Did Betsy DeVos Buy Enough Oklahoma Legislators to Influence School Choice?

If you don’t know the name Betsy DeVos, then maybe you should since she apparently is buying a few Oklahoma Legislators to influence her brand of school reform, even though she is about as much an Oklahoman as I am a Latvian. This article by Jennifer Palmer of Oklahoma Watch, which I will publish in its entirety below, will give you an idea of DeVos’s influence in Oklahoma:

Funds Tied to Trump’s Education Pick Targeted ‘Teachers’ Caucus’ Candidates

By Jennifer Palmer, Oklahoma Watch

Betsy DeVos, who is President-elect Donald Trump’s pick for education secretary, has given millions in campaign contributions to politicians across the country.

Some of that fiscal muscle trickled into Oklahoma during the last election cycle through a pro-school-choice “Super PAC” that, notably, opposed so-called “teachers’ caucus” candidates in many instances. (The caucus arose out of many educators’ frustration over what they view as low education funding levels and teacher pay.)

The Oklahoma Federation for Children Action Fund has received more than $180,000 from its Washington-based parent organization, American Federation for Children, which DeVos chaired.

DeVos has personally given almost $900,000 to the national federation’s related entities since 2012, according to a disclosure submitted to the U.S. Senate Health, Education, Labor and Pensions Committee in advance of her confirmation hearing, scheduled for Jan. 17.

The Oklahoma Federation for Children Action Fund has reported spending more than $190,000 in local races since Jan. 1. DeVos’ nomination has sparked controversy because of her long-time support of school-choice policies, with teachers unions and others warning she will push for changes that privatize public education and undermine public schools.

Among the Oklahoma federation’s expenditures in the 2016 elections:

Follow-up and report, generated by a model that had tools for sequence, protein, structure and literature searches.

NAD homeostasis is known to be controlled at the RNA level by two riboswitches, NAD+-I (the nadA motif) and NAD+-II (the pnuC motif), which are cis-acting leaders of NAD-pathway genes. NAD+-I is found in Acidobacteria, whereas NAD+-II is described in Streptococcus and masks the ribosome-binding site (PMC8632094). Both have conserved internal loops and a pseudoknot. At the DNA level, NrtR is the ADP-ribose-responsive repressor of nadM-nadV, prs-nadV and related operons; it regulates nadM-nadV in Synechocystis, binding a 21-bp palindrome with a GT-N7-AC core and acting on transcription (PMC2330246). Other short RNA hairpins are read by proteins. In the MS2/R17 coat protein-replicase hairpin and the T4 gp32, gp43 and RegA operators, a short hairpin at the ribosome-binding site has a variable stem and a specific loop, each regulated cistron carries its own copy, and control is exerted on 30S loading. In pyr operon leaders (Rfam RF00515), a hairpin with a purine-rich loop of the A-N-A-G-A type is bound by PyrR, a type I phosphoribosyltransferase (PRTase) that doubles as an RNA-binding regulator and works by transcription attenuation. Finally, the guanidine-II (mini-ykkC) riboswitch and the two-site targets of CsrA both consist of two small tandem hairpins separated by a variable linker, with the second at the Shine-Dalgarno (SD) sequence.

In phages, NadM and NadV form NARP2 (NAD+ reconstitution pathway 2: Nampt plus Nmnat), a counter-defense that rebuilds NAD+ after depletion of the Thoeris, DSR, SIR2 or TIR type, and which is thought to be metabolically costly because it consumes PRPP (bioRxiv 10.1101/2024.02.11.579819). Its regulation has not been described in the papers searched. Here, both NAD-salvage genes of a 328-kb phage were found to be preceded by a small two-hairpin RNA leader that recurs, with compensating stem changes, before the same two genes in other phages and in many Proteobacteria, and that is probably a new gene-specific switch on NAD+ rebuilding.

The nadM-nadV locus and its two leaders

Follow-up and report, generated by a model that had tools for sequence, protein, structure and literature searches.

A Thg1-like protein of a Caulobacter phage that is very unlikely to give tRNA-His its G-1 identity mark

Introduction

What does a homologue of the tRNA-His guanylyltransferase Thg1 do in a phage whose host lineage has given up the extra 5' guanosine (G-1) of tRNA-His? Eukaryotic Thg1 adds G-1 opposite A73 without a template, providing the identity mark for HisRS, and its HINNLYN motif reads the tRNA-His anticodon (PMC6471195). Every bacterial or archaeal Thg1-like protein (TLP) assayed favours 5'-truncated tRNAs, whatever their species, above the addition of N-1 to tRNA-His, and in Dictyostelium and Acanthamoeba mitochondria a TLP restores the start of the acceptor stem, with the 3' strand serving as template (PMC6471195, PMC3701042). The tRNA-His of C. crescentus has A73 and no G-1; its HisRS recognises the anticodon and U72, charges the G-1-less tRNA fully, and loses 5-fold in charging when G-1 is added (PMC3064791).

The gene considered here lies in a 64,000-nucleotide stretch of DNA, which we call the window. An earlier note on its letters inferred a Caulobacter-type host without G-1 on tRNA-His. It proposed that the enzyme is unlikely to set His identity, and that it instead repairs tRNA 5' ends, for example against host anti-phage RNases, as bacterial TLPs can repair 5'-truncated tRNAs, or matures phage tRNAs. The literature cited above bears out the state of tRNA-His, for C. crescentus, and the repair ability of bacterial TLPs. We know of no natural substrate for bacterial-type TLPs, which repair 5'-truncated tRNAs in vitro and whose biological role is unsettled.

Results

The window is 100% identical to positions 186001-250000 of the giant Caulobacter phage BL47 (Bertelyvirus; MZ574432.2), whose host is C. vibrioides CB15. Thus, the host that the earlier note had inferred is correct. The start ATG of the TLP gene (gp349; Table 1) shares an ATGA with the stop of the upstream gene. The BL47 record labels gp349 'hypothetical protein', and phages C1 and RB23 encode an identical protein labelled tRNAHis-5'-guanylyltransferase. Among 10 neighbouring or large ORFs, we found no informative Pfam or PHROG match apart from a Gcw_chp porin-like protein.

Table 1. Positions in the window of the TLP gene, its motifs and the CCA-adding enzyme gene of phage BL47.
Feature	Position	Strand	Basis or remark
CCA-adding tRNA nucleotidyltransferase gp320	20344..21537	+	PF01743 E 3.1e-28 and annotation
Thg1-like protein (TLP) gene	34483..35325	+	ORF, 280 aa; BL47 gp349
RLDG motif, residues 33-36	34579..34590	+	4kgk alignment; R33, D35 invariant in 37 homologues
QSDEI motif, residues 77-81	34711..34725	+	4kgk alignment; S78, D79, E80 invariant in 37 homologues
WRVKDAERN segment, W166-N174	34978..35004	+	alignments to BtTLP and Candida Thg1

• $11,509 to oppose Lloyd Snow, a former Sand Springs superintendent who lost a bid for a seat in the state Senate in District 37.
  • $3,177 opposing Don Wentroth Jr., a retired teacher who ran for House District 100 in Oklahoma City and lost to incumbent Elise Hall.
  • $22,788 to oppose Lisa Kramer, a Bixby school board member and CPA whose platform included elevating the value of and promoting the profession of teaching to solve the teacher shortage. Kramer, a Republican, lost to businessman Joe Newhouse in Senate District 25.
  • $2,489 to support Sen. Rob Standridge, who won re-election in District 15 over opponent Shawn Sheehan, a Norman educator and 2016 Oklahoma Teacher of the Year.
  • $3,156 to support Sen. Kyle Loveless, who defeated a Mustang high school teacher in the primary, and ran unopposed for re-election in District 45. Loveless is a school choice proponent.
  • $13,611 to support Joe Newhouse, who supports expanding school choice through tax credits. He defeated teacher caucus candidate Robert Founds.
  • $7,165 to support Julie Daniels, a Bartlesville Republican who won a seat in the Senate representing District 29 and supports education savings accounts for all parents. She defeated teachers’ caucus candidate Robert Jobe, a retired teacher.
  • $7,039 to support Tim Downing, a Republican who defeated Blanchard Public Schools Superintendent Jim Beckham in the primary and teachers’ caucus candidate Liz George, an attorney, in the general election.

The PAC’s latest report was filed Nov. 7. Quarterly reports covering Oct. 1 through Dec. 31 are due on Jan. 31.